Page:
The Waterfall Model
Classic and the most traditional Software development lifecycle (SDLC) model that has a systematic, sequential, and flexible approach to software development in software engineering.is The Waterfall Model.
What does the outcome depend on? This question has a sure-shot answer that is the inputs and the process because it’s the methodology of how good or bad that decides the quality of the by-product. As a project management officer, the choice on which software development lifecycle model to choose is a challenging and crucial task as it defines the flow of the process.
Software development lifecycle (SDLC) is the methodology that is defined in terms of graphical representations and marks the different stages in which the software development transits. A list of activities is performed on the software right from inception to retirement as per the business plan.
Classic and the most traditional Software development lifecycle (SDLC) model that has a systematic, sequential, and flexible approach to software development in software engineering.is The Waterfall Model. Toyota uses this Software development lifecycle (SDLC) methodology.
The Waterfall Model is used for the development of enterprise applications where the business requirements are defined well in advance and the changes/modifications are minimal as possible. The popular applications of the Waterfall Model are as follows:
- Customer Relationship Management(CRM) Systems
- Supply Chain Management Systems
- Inventory Management Systems
The Waterfall model was first documented in 1970 by Royce and was adopted by many top-class companies because of the flexible implementations. The Waterfall model is seen as a downward flow and it comprises of following steps or stages to be specific:
The main aim of the business communication phase is to gather the business requirements. Effective communication helps to find out what the user or business requires. In this phase documentation of the business and software requirements. It could be called the most critical phase as it decides the layout for the by-product creation.
Planning involves activities such as the creation and maintenance of schedules, efforts estimates, tracks, and checklist of processes. It also quotes the budget and potential risks involved. At this point, the business plan is ready.
Popular and the most significant phase where AS-IS and TO-BE requirements are compared. This involves analysis of the In-Scope and Out-Scope defined in the Communication or Requirement gathering phase.
In this phase, the software is developed and coded to meet the business requirements. Testing inclusive of unit testing and UAT testing is done and this forms an integral part of software construction.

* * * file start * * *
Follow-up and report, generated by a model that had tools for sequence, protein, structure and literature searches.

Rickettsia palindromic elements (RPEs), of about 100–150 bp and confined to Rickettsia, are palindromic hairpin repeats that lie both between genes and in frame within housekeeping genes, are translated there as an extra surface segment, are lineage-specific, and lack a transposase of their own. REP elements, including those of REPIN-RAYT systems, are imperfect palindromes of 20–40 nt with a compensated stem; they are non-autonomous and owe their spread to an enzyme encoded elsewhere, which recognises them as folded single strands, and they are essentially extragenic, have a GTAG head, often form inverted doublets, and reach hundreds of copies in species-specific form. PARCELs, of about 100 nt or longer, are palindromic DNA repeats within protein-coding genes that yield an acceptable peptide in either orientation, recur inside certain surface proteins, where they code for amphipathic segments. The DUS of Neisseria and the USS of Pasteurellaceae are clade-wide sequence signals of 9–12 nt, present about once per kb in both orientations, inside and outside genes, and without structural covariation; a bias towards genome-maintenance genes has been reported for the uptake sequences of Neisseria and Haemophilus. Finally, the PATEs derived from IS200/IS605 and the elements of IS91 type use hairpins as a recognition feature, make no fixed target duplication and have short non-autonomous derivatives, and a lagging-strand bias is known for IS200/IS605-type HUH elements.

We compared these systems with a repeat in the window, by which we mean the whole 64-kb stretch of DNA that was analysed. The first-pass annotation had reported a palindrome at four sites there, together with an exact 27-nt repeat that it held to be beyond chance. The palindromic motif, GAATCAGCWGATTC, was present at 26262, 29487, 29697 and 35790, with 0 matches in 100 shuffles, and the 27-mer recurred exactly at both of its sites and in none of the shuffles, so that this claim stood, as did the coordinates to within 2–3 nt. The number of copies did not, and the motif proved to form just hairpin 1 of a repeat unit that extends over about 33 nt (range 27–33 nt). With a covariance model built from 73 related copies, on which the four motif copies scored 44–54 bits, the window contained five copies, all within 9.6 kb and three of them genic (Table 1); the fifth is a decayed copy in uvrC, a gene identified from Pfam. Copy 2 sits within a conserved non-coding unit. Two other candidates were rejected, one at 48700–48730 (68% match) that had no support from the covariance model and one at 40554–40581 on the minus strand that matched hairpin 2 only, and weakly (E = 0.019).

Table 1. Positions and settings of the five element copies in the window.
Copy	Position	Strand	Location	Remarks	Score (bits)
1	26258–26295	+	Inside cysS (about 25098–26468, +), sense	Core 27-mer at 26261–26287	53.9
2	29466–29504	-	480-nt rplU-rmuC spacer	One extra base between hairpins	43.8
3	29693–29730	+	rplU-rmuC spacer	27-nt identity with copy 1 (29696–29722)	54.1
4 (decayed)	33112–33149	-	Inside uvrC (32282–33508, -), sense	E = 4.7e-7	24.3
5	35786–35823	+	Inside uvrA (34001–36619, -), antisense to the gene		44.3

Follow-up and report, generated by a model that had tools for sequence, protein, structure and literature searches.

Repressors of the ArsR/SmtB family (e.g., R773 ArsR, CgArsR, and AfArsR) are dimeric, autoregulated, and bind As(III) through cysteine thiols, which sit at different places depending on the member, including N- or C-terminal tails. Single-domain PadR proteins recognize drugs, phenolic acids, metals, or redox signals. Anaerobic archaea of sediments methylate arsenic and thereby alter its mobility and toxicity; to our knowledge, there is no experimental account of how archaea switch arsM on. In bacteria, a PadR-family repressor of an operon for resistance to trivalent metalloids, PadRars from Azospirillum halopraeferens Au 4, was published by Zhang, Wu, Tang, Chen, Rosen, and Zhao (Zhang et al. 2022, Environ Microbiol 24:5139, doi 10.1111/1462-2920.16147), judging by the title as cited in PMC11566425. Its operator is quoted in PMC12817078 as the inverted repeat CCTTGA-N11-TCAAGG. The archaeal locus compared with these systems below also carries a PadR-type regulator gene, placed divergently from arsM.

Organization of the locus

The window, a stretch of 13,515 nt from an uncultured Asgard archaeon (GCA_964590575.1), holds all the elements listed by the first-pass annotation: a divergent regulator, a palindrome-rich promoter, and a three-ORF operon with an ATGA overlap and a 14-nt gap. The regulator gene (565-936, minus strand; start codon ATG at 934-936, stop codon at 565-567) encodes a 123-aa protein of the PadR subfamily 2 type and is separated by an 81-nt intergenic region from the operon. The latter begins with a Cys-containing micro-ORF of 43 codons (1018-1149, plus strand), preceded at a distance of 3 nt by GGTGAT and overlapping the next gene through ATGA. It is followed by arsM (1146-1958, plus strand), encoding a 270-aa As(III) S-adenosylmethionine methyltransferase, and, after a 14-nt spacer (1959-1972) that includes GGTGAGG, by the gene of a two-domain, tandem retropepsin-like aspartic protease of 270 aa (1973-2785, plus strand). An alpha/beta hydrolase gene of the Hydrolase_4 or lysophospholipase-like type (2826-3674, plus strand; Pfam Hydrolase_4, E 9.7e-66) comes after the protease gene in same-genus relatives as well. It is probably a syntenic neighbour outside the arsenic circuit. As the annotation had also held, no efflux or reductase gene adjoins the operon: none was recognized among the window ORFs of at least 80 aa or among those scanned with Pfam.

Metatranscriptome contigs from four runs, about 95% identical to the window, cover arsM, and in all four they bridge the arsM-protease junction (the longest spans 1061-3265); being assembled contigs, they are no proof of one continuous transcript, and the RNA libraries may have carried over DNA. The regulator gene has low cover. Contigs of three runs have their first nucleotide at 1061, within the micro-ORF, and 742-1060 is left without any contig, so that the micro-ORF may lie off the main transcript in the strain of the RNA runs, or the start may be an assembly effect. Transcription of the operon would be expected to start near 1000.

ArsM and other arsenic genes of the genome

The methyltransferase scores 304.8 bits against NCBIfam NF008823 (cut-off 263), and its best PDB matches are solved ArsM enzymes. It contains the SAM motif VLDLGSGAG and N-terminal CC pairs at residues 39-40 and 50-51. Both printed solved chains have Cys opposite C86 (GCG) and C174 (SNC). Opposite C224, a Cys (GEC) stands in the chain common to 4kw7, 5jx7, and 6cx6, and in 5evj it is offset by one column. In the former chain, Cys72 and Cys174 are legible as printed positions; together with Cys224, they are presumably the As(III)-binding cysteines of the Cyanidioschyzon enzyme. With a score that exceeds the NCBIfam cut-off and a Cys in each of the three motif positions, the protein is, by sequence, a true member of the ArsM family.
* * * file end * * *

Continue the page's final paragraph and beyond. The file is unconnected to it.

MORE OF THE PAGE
The business-approved changes are rolled out or released in the Production environment. Potential errors and bugs are also reported if any. These setbacks are taken as a part of post-production support activity. Feedback on quality is acquired in the deployment phase of SDLC.
Pros of the Waterfall Model: The Waterfall Model has numerous benefits to offer though it is a traditional and old-fashioned model. Enlisted are the advantages provided by the Waterfall Model.
- Well-defined structure: The requirement gathering phase is defining the layout for the design and development of software.
- Time-saving: As the Waterfall Model defines the business requirements and a business plan at the very state it saves a lot of time for the developers and designers.
- Fewer errors and risks: At every major stage, goalposts are marked and developers test before transiting to another stage which reduces errors or bugs.
- Ease management: The analysis says that the Waterfall Model is the most easiest and effective Project management technique.
- Documentation: The design process becomes simpler and structured because of the emphasis on documentation at every phase of the software development lifecycle (SDLC).
- Less resource involvement: Minimal resources are required for the development of software because it adopts a linear approach
Setbacks of the Waterfall Model: Waterfall style models are not as responsive as other Software development cycle (SDLC) models are available. The possible disadvantages or setbacks are as follows.
- Cannot go backstep: The advantage of linear design dependency at times proves to be a setback because you cannot go backstep from one phase to another.
- Post-production bugs: Minor bugs or errors after go-live can at times be a tedious job for developers.
- No client involvement: This type of software development methodology keeps clients or users away from the development cycle and this creates a lot of confusion in the design process.
- Time-consuming testing: Due to testing at various stages and dependency there are delays in the design process that makes it difficult to meet deadlines.
Agile Model VS The Waterfall Model: A more sequential and rigid approach in Software development lifecycle(SDLC) is the Agile methodology. This has definite requirements with minimal or no changes entertained during the development process. It has a limited team of experts working on a complete project with fixed project details and limited team coordination. Whereas the requirements are ever-evolving in the Waterfall Model with a high degree of coordination. In addition to this testing comes after development unlike concurrent tests in The Waterfall Model.
The Final Verdict:
On discussing the most traditional and classic Software Development Lifecycle(SDLC) model. The advantages and disadvantages we conclude that DevOps doesn’t prefer the Waterfall Model as it opts for the Agile approach. Hire web developers to design your websites and applications that will help you adapt the best Software Development Lifecycle(SDLC) approach. We also help businesses grow and hiring us would allow us to hone our technical skills.